Remembrance! Snippets of Pittsburgh LGBTQ+ History

Ronald W. Lawrence

In writing my recent memoir, Warrior for the Tribe, I proudly acknowledge that my life as a young gay man began in my first hometown of Pittsburgh. Preparing my writings gave me the opportunity to sift through memories, clarify them, and place them into prose. In my portrayals and clarifications, memories were no longer the smudge of a blur.

In my late teens and early twenties, I knew that I was gay, but hardly had a word for it.  And the word “homosexual,” sounding very clinical, was bandied about here and there. The guys in high school could be heard saying that, “All the queers hang out in downtown Pittsburgh,” and a silent part of me knew that at some point I had to affirm that information. Otherwise, the feelings of aloneness were mostly my reality until my early twenties came into being.

As a student at the University of Pittsburgh, word of a gay bar in the area flew into my consciousness.  And when I walked into the University Grill on Forbes Avenue, all the faces around the bar assured me that I wasn’t alone. Greeted by Lucky (Fortunato) Johns, the handsome bartender, added warmth and feelings of safety. And on occasion, when he would hand me a beer, he would bend down and whisper to me, “Careful honey, I think the guys in the back are plainclothesmen, so don’t make a date with anyone right now!” I was too reticent to make any “dates” anyhow, but it was helpful and caring information that protected my safety. In addition to Lucky’s kindness, I came to know people there and made “bar friends.” The experience brought feelings of warmth and safety.

But then came that terrible day when I was watching the news and learned that my emotional anchor had been destroyed. The University Grill had been reduced to rubble in an early morning gas explosion. (hummmm). I was stunned and in disbelief. So, I drove down to witness it for myself. There it was, a burned-out basement, literally a hole in the ground. How would I ever see my friends again? Where would they go? In those days there was no internet, no Facebook, and no cell phones. And sadly, I never did see many of them again.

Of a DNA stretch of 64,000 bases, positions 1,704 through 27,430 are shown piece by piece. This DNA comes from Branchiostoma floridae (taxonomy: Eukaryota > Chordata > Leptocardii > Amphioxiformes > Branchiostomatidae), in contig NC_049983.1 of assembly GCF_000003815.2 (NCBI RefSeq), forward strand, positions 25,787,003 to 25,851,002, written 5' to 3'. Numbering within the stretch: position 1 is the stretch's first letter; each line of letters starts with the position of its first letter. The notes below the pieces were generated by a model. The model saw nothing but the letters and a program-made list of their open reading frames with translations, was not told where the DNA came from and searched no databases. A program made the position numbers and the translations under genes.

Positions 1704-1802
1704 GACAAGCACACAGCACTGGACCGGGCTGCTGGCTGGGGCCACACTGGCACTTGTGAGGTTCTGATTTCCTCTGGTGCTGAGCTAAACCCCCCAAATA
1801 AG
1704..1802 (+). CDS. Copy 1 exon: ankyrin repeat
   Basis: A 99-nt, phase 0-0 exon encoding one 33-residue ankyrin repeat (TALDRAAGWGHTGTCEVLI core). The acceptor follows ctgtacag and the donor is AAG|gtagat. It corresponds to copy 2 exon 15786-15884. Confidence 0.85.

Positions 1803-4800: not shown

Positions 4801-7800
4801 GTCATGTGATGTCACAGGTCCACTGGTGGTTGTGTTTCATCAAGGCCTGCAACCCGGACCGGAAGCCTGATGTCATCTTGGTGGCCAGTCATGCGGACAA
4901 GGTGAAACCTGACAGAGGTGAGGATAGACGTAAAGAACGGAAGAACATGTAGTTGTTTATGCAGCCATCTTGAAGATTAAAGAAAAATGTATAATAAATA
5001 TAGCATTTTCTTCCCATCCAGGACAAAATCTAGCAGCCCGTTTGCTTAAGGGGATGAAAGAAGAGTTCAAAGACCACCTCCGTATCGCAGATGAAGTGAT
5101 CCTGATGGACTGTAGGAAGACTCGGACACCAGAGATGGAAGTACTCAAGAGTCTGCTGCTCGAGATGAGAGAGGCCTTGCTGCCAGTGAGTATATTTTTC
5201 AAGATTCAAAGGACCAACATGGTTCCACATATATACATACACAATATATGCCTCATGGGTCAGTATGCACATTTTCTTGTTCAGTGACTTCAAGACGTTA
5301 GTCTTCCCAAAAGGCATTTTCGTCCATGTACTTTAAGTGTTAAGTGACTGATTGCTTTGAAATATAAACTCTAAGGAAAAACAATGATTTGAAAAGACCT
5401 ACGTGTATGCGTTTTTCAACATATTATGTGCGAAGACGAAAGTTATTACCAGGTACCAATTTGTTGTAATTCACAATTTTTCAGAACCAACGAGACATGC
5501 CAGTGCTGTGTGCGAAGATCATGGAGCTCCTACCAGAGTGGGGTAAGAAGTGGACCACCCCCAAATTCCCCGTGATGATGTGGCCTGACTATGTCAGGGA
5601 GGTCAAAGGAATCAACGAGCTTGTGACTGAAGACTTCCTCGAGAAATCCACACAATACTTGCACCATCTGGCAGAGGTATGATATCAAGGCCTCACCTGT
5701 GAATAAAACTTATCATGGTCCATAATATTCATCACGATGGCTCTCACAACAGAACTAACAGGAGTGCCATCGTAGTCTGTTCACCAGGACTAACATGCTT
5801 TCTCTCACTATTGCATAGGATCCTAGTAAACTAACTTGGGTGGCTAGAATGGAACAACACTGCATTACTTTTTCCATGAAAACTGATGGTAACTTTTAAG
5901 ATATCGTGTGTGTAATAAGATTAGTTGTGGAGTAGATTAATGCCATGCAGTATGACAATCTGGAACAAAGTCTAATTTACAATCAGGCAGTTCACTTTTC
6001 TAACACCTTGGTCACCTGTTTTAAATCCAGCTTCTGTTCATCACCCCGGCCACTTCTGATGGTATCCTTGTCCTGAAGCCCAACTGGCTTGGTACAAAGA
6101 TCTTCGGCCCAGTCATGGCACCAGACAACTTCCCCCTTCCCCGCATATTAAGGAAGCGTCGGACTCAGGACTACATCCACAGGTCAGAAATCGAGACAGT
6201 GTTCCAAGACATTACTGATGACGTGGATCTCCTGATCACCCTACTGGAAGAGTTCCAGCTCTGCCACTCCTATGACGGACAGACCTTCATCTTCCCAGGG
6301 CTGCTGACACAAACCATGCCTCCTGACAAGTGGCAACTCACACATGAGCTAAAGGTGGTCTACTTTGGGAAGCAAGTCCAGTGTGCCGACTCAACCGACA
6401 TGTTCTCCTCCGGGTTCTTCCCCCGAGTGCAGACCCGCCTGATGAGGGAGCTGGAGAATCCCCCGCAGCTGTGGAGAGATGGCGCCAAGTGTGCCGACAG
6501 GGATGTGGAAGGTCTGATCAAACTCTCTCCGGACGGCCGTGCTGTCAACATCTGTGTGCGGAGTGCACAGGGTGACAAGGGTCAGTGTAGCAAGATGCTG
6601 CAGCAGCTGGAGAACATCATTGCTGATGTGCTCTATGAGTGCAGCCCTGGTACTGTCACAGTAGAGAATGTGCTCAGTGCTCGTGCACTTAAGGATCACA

And then there’s that one situation where the old saying “by the skin of my teeth” was my reality. It was about a pleasant connection with friends at the Transportation Club on a Saturday night. But I was tired from a busy work week and left with my partner at midnight. But at 1:00 am the police rolled in complete with paddy wagons handcuffs and night sticks, and perpetrated what they called a raid on a “disorderly house,” which was the same legal classification for houses of prostitution. Friends were handcuffed, taken to jail and arrested. And they would find it necessary to consult with attorneys to get their arrest records sealed or expunged. And at what cost?

And my lesbian friends related that they were fearful of such events as well. They related that the first gathering place for women was an old barn somewhere out in the country. While women went through a trap door to a loft area, someone would always keep watch to ensure safety.

I always say that the glue that held us together during such times was our love for each other. It was about our deep friendships and partners. The raids would not come to an end until after the Stonewall Rebellion in 1969. If only I could travel in a time machine, I would go back and tell everyone, “The days of better times are coming. Live on with the faith that it’s so.”

And in my writings, I celebrate the nuances of change that happened after that time. And all this history makes our annual Pride Celebrations reflect utmost importance. And, in my eightieth year of life, I truly know that from a historical perspective these events must never be forgotten. It was imperative that I offer the memoir Warrior for the Tribe to the community I love.

Ronald W. Lawrence is a retired psychotherapist living in Brockport, New York with his spouse of thirty years. He was born in Turtle Creek, Pennsylvania. This article is an excerpt from his upcoming book, “Reflections of a Warrior Therapist.” His current publication is “Memoirs From the Veil.”